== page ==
From a more general viewpoint, Voice Transformation is a way of taking one type of data and converting it to speech, as long as this data is from a process that is correlated with the produced speech. As this is indeed the case with EMG and ADS data, we used this approach to convert from EMG and ADS data to speech.
For both EMG and ADS, we collected facial movement measurements and recorded speech simultaneously. For EMG, we had a person read 500 sentences. 380 were used to determine a correspondence between facial movements and speech and 120 were used for evaluation. For ADS, we had a person read 188 sentences. 170 were used to determine a correspondence, and 18 were used for evaluation. Evaluation consisted of taking the facial movement measurements, using them to produce synthetic speech, and comparing the synthetic speech with the actual recorded speech. The comparison was performed considering two types of measures which are referred to as objective and subjective.
Objective measures are based on mathematical formulas, and are convenient in that they can be automatically computed. Their disadvantage is that none are known to correspond perfectly to human perception. Due to differences in opinions among humans, a perfect correspondence might not even be possible. Nevertheless, some objective measures, such as the Mel-Cepstral Distortion (MCD) used in our experiments, have been shown to generally correlate to human perception of speech quality, and are useful as rough indicators of performance. In our best trials, the average MCD between speech synthesized from EMG and the actual recorded speech was 6.37. For the best ADS trials, the MCD was 6.69. A Mel-Cepstral distortion of 0 would indicate a perfect match, and for comparison, typical Voice Transformation from speech to speech, which produces intelligible, though somewhat unnatural sounding speech often has MCDs in the range of 5-7.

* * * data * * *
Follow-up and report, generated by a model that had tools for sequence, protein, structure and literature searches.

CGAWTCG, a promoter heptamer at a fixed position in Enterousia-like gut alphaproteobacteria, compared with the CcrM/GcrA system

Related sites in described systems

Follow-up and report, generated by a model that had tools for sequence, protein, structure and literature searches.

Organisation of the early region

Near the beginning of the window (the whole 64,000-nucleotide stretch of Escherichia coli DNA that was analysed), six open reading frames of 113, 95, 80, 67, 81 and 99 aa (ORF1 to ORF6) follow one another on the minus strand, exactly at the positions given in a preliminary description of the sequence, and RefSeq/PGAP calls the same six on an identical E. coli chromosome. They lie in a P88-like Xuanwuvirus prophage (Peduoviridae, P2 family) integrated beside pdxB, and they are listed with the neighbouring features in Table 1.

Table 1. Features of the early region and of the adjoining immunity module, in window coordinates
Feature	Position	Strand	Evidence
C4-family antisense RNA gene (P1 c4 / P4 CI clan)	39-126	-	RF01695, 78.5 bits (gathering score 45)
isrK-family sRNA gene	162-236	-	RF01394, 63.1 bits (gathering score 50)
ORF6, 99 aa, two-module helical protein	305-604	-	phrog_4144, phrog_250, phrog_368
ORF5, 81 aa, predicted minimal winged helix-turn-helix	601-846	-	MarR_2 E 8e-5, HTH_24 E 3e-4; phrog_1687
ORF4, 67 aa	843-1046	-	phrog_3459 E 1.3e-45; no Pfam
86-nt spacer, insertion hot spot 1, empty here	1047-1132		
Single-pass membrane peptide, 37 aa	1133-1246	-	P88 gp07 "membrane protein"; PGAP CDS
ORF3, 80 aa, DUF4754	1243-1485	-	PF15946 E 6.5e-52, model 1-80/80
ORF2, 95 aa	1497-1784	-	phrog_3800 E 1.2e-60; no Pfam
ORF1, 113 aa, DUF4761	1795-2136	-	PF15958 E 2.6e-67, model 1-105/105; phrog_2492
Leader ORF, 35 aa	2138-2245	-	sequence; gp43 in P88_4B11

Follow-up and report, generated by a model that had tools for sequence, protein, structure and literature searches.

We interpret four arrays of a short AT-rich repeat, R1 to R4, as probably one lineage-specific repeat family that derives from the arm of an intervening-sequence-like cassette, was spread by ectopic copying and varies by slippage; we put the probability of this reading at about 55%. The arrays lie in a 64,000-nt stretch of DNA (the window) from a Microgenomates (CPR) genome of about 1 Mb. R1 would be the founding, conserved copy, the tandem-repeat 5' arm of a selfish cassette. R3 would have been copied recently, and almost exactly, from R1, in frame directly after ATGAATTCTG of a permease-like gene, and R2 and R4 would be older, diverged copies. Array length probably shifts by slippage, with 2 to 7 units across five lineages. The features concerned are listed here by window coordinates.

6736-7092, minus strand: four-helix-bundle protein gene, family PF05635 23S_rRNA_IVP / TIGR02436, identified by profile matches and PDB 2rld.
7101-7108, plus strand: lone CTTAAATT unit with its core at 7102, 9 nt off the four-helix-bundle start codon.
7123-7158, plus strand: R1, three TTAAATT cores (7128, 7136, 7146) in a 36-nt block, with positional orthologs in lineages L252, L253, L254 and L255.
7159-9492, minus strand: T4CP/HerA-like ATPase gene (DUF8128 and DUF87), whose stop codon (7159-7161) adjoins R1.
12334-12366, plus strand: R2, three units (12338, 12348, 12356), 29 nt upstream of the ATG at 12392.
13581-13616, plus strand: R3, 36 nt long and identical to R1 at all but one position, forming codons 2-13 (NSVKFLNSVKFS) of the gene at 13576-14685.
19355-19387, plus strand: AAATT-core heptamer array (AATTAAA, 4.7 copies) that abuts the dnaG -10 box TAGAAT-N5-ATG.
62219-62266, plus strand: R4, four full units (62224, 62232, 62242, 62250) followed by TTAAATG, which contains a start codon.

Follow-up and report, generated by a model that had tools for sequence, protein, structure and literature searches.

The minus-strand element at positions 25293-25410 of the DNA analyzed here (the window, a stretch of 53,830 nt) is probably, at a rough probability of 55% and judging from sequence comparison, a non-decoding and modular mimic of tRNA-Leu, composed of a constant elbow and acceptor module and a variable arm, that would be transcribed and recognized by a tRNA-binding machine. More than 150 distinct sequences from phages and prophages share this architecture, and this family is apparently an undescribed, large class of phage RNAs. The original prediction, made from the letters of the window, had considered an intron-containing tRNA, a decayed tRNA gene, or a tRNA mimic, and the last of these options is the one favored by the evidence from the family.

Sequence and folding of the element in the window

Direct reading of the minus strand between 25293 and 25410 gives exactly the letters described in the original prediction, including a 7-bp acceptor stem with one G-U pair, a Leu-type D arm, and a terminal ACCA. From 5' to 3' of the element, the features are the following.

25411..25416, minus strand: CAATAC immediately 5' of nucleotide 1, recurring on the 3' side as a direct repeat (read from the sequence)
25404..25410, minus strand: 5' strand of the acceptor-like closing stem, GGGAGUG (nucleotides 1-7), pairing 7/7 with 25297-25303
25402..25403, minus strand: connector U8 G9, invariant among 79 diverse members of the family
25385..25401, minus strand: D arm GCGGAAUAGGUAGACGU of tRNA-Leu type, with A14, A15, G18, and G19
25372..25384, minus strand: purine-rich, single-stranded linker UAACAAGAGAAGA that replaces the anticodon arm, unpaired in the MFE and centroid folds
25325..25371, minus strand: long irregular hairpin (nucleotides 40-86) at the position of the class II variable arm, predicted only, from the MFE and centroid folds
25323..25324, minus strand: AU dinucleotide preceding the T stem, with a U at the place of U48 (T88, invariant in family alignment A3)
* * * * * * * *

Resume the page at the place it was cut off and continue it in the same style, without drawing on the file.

Subjective measures are based on collecting human opinions. In many subjective measures, a number of humans are asked to score a quality of speech, such as naturalness, on a numerical scale, and the scores are then averaged. The advantage of subjective measures is that the goal often is related to human perception, and these are the most direct methods to measure it. The disadvantage is that conducting experiments with humans can be a time-consuming, expensive process. For that reason, it is common to first use an objective measure and informally listen to synthesized examples to determine whether the results may be good enough to warrant a formal subjective evaluation.
After listening to synthetic speech both partially predicted from facial movements and completely predicted from facial movements, we decided that the intelligibility of the artificial speech was not yet high enough to warrant a formal subjective evaluation. The partially synthesized examples for both EMG and ADS were somewhat intelligible, but the examples fully synthesized from EMG were not. We were able to occasionally recognize words and phrases in the examples fully synthesized from ADS, however. We also found it to be speech-like, both in terms of how it sounded and in the similarities in the spectrograms, which are diagrams that display different sound frequency contributions over time.
Sound example 1 is a recorded sentence from our ADS evaluation set. Sound example 2 is the same sentence partially resynthesized from ADS data. The power and fundamental frequency were taken from the recording, but the spectral envelopes were estimated from the ADS data. Finally, Sound example 3 is the same utterance synthesized solely from the ADS data. Due to potential difficulties with predicting fundamental frequencies, we chose to use noise excitation to produce whisper-like speech for this experiment. Although more work is necessary to improve the intelligibility, our preliminary results are encouraging.
For more information on these topics, including links to publications, news articles, and example sound files, please visit http://www.cs.cmu.edu/~atoth/ASA2010.html.
Sound example 1
Sound example 2
Sound example 3